Multiple drives can be placed into an
external enclosure and brought
wherever needed, making a very cost
effective and portable storage system.
The workings on a hard disk are
simple. Each disk is comprised of a
number of platters which are like smaller, metallic CDs. Platters have a magnetic coating and are accessed by applying
a magnetic field from a rapidly moving
read/write head. Increasing the storage
capacity while keeping the physical size
of the drive the same involves the ability to write data at ever decreasing sizes,
the ability to include more platters per
drive, or a combination of the two.
Manufacturers will state that the
drives are only intended for three to five
years of use. This is because the miniature parts can only withstand so many
start and stop cycles before breaking
down and colliding with the platters.
The manufacturer’s warranty usually is
set to an average time where the possibility of this failure would rise above 50
percent. At that point, collisions begin
to cause decreases in speed, as well as
failing sectors on the disk.
general timeframe on life expectancy.
For frequent backups as well as
storage of small file types, Flash drives
are the ticket. Their portability and
ruggedness is also very appealing.
Flash memory can refer to data
storage such as memory cards, memory sticks, USB drives, jump or thumb
drives, and others. Flash drives have
no moving parts and data is stored
through the electronic circuits inside.
USB devices have a universal
format, however, a Flash card from a
smaller digital camera may not be
readable through a laptop or cell
phone without an adapter.
Flash memory also begins to wear
out after a certain number of cycles.
As this number is reached, read, write,
and general access times will become
that accessing the data requires the
physical insertion of a specific disk (as
with any form of removable media).
When deciding between these two
options, consider factors such as capacity needed, frequency of archives, and
accessibility to stored data.
Bigger Storage Options
Recently, optical disks have been
a shaky area for data archiving
because of the rapidly evolving and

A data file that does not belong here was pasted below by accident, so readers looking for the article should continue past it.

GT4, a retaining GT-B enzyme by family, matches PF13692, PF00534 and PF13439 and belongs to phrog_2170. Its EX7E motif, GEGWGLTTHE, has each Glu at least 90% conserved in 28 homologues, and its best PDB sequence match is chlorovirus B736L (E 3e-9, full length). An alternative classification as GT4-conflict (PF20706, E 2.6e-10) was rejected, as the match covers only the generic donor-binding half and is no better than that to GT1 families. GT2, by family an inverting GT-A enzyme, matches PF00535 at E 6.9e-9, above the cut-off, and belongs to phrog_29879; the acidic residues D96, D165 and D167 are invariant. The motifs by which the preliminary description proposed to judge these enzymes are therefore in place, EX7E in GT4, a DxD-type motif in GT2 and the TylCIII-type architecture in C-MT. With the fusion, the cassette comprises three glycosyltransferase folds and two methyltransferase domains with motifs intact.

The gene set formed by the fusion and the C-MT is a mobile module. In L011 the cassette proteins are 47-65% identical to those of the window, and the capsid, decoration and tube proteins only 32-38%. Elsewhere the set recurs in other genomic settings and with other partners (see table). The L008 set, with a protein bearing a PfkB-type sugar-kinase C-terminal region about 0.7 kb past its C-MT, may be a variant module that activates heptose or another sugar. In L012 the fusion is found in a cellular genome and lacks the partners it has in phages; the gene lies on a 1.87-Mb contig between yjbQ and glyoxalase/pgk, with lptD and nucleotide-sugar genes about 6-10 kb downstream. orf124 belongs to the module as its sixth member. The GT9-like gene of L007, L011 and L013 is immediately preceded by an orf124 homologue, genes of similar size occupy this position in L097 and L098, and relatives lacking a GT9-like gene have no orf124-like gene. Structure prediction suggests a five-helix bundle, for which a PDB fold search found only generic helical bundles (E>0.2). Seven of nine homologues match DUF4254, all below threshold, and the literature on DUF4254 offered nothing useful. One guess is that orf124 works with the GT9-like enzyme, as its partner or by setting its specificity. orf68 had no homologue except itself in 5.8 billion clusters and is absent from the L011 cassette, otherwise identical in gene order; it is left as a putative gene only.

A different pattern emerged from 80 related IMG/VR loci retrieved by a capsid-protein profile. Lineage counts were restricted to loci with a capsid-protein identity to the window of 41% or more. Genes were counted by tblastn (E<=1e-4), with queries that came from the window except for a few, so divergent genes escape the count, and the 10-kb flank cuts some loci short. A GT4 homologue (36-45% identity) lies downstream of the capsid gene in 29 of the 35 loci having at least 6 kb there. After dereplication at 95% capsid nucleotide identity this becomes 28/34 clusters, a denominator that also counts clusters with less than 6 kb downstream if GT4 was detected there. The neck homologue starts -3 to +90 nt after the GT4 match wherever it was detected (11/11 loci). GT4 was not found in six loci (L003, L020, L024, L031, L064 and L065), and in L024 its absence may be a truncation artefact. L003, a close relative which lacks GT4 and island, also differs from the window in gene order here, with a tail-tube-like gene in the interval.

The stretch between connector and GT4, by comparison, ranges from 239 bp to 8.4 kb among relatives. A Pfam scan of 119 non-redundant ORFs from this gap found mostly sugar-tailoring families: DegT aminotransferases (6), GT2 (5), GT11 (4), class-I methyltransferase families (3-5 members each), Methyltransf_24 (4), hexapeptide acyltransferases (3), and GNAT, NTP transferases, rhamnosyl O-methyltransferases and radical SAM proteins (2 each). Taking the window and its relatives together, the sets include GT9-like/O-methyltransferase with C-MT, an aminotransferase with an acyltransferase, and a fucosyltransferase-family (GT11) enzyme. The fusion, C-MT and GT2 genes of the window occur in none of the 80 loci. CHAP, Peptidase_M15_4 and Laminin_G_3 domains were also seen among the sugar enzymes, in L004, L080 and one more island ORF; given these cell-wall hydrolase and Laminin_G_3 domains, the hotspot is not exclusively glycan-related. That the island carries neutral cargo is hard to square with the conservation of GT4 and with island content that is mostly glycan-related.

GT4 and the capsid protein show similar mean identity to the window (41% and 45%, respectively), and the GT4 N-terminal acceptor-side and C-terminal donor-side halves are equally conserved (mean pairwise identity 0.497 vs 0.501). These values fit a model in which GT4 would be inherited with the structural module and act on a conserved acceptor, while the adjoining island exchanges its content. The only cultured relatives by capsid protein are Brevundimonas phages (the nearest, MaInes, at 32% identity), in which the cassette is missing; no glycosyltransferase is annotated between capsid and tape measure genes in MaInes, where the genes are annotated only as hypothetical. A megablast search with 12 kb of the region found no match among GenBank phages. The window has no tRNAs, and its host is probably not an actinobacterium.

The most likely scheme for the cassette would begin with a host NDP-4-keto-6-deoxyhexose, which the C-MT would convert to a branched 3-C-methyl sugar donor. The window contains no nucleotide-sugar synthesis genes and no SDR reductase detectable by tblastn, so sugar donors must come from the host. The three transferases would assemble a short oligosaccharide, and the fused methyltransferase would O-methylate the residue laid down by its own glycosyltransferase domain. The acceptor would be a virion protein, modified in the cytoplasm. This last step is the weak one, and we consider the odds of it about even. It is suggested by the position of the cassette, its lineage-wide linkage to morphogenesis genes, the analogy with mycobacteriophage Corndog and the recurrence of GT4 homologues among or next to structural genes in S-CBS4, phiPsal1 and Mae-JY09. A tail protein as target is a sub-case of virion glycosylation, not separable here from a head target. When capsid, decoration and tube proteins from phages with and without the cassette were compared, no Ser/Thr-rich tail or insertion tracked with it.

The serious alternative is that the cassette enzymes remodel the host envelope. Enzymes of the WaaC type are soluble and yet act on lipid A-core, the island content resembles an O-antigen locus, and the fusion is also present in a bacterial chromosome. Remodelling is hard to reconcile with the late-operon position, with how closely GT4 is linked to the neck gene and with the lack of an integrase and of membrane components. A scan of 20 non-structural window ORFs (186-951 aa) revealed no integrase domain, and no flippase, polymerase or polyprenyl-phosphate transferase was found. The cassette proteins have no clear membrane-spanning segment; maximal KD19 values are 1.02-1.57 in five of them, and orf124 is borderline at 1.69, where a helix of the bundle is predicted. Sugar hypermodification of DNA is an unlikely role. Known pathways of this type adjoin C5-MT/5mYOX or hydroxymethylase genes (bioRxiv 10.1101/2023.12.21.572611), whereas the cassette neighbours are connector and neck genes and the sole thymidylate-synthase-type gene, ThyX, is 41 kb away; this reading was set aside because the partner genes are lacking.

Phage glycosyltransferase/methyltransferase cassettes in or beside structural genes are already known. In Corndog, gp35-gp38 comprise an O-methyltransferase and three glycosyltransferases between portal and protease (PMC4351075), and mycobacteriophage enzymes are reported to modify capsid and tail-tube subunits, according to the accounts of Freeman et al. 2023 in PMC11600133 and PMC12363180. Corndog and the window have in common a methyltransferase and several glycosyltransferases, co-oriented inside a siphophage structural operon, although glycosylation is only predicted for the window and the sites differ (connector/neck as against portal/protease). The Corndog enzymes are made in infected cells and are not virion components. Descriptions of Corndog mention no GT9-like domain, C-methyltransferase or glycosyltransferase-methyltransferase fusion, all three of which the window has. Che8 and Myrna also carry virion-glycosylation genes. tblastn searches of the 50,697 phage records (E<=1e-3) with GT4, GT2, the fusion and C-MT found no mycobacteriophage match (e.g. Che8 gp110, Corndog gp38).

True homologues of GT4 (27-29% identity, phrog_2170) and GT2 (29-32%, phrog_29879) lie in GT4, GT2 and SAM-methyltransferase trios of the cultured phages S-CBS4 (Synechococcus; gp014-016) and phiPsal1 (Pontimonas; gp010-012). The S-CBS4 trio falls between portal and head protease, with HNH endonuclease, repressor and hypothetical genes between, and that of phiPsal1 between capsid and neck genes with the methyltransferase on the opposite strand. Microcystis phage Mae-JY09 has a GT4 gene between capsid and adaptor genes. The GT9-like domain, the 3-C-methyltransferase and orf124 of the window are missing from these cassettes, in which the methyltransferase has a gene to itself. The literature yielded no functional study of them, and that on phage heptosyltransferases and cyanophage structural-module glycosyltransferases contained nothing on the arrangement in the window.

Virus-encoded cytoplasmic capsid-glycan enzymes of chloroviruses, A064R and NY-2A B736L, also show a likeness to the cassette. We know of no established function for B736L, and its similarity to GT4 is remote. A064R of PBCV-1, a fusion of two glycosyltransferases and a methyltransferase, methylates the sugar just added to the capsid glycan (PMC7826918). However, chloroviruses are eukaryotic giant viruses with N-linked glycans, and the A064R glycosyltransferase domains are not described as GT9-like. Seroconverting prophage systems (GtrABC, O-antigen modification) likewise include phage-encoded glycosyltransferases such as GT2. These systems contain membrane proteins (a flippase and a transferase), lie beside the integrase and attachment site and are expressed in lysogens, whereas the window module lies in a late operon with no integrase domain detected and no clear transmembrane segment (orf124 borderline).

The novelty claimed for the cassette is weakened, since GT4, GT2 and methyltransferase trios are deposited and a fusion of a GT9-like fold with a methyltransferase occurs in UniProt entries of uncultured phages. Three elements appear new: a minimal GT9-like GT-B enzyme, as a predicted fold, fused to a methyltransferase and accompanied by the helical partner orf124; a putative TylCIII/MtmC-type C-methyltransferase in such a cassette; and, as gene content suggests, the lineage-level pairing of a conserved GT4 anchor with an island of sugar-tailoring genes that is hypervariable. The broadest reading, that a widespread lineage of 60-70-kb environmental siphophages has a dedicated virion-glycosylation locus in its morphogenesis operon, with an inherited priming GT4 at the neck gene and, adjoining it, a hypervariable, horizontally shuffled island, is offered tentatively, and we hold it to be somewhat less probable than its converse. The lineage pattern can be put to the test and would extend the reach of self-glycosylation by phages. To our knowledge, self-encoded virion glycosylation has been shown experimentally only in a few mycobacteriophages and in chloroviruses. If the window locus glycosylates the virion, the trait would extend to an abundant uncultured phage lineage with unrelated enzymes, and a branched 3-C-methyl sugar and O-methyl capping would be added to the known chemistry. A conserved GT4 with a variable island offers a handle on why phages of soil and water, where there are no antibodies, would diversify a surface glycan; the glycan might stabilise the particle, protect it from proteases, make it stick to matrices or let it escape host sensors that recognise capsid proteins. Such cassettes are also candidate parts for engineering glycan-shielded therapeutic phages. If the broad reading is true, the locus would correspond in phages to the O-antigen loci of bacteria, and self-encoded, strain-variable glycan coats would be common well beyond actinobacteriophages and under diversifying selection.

changing formats. Someone who
placed a large amount of data on CDRs must now re-archive the data onto
DVD-Rs. Although it’s nice to need
less disks, it does take time to set up
new equipment and transfer the data.
An optical disk has data literally
burned into it by a laser where hard disks
have data magnetically written. This
technology results in the ability to store
more data in the same physical space.
Manufacturers initially claimed the
stability of optical disks upwards of
100 years, but this may not be a valid
assessment. To be fair, in a perfect
world where your data disk is stored in
a dark, dry, and untouched place (
basically hermetically sealed), it would last
a century or more. In the real world,
light, heat, and movement all contribute to the degradation of the data
stored. Since different types of dye
and materials that all affect lifetimes
are employed, it’s impossible to cast a
Regular computer users who
constantly need to back up data or
keep a large archive have a couple
options to consider: the hard disk
array and the optical disk library.
Just as the name implies, the hard
disk array takes the form of a number of
hard disks. Network Attached Storage
(NAS) units are stand-alone enclosures
and are currently available on the market.
All of the data is always connected
to your computer system, so it can be
searched and replaced very easily. A
potential downside to this setup is that
if a drive becomes corrupted or fails, all
the data may be lost — thus the
creation of RAID, a redundant array
of inexpensive disks. There are many
forms but the basic idea is to cleverly
duplicate the data over other physical
drives, thus allowing a single drive
failure to be recoverable.
An optical disk library takes the
form, not too surprisingly, of a collection of optical disks. You would need
an optical disk drive attached to the system to be archived and then the proper number of disks to handle the data.
The upside to this option is the
low cost of the disks. A blank disk is
well under a dollar. A downside is
As new technologies become available to store more data in less physical
space, the cost to store data will drop.
Research in areas of chemistry and
physics will mix with advances in
digital, electronic, and mechanical
engineering to bring even more dynamic advances in data storage.
One such area already in research
labs is a three-dimensional holographic
storage. This device aims to start at a
storage density of 200 GB per cubic inch
and eventually max out above 10,000 TB
per cubic inch ... all while keeping its
cost equal to today’s top hard disks.
Also in the works are molecular
memories which use special compounds to store electric charges that
represent data; basically a chemical
Flash drive although with much higher
capacity and density. These advances
along with the continued development
of larger capacity disks (some consumer
models boast 750 GB) and optical disks
which can store 50 GB, promise to keep
sizes smaller and prices lower, so you
will get more bang for your buck.
Whatever course data storage
takes, it is working hard to keep up
with other areas of advancing technology because as the world moves
forward, the need to store and recall
data will continue to grow. NV
August 2007 69